The Recruitment and Employment Confederation (REC) recently published on its website a summary of its Report on Jobs, in partnership with KPMFG. The report brings together survey data from leading UK recruitment firms to create the most detailed view of the nation's current jobs market.
One of the key takeaways was continuing signs of hiring growth, with significant increases in both temporary and permanent contracts. According to data taken from March, permanent placements continued from February's positive pace; and temporary appointments were only slightly less than the previous five-year high.
Another crucial finding was the fastest rate of salary increases for six months, with average starting salaries for permanent roles gathering pace to reach their highest since September 2014. Meanwhile, contractor hourly pay rose "at a robust pace."
In addition to this, analysts discovered that demand for staff continued to grow, reaching a five-month peak in March this year; however, there is still a talent shortage, as the numbers of staff able to fulfil the advertised jobs fell again last month.
In terms of regional comparison, all four areas of the country witnessed an increase in permanent placements, but this was most prevalent in the Midlands and the South. The Midlands in particular had the sharpest increase in temporary billings.
The results can also be grouped into sectors, with demand for staff in the private sector remaining strong compared to that for public sector roles. The biggest overall increase, in fact, was for permanent positions within the private sector.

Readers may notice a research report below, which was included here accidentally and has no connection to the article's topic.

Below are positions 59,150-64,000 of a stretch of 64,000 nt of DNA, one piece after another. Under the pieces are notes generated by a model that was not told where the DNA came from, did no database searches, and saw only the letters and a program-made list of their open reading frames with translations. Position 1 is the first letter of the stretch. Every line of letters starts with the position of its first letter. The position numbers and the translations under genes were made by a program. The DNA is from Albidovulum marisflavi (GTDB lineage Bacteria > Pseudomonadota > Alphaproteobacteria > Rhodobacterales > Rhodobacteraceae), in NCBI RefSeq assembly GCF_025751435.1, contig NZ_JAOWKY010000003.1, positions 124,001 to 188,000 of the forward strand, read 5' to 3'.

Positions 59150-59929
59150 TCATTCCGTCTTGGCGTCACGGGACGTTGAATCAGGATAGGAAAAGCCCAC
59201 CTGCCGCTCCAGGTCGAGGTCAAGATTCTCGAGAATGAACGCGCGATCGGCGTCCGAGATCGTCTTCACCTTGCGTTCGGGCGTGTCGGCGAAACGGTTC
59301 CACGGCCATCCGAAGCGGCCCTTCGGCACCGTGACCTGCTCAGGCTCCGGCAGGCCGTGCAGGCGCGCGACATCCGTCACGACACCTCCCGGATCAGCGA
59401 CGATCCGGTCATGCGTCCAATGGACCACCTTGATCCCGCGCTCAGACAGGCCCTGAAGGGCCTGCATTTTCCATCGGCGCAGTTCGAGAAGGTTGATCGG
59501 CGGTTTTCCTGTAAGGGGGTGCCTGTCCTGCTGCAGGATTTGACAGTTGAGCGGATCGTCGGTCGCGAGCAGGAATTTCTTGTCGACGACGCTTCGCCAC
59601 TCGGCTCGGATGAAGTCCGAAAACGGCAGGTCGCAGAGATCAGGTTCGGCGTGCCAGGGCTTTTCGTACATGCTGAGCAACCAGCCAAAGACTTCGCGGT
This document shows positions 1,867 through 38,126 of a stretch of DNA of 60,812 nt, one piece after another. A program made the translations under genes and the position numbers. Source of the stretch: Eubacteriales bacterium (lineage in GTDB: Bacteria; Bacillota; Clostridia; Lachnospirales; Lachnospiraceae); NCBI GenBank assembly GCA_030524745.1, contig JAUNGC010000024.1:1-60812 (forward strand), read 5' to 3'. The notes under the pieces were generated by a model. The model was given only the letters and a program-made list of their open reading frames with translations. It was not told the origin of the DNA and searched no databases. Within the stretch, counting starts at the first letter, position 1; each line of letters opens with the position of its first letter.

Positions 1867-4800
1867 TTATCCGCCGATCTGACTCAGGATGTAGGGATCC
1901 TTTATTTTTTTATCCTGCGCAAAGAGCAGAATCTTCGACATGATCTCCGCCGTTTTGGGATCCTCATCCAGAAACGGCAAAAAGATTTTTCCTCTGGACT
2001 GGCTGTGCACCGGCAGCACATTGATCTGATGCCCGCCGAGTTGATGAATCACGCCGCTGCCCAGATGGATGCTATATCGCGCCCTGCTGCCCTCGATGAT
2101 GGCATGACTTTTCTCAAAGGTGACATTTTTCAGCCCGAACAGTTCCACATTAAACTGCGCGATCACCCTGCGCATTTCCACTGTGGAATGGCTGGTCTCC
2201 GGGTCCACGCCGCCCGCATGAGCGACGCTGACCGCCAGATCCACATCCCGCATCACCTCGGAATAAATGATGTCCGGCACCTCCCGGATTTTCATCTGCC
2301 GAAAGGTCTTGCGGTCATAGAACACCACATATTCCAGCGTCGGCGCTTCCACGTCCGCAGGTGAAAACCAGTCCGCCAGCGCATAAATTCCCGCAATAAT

The permanent staff who received the greatest demand for their services were those working in Engineering and Accounting/Financial, closely followed by Executive/Professional. For temporary roles, it was Nursing/Medical Care workers who saw the biggest demand increase.
Commenting on the results, REC chief executive Kevin Green said that as well as increases in the number of people finding new jobs via a recruiter, it was also emboldening to see improvements in starting salaries.
"This suggests that labour market fluidity is returning," he explained. "Candidates are more confident about looking for work, and there are opportunities to earn more for those that do."
This means employers "need to realise that people are deciding to change jobs because they can earn more than in their current job and businesses are going to have to think hard about retaining scarce resources," he warned.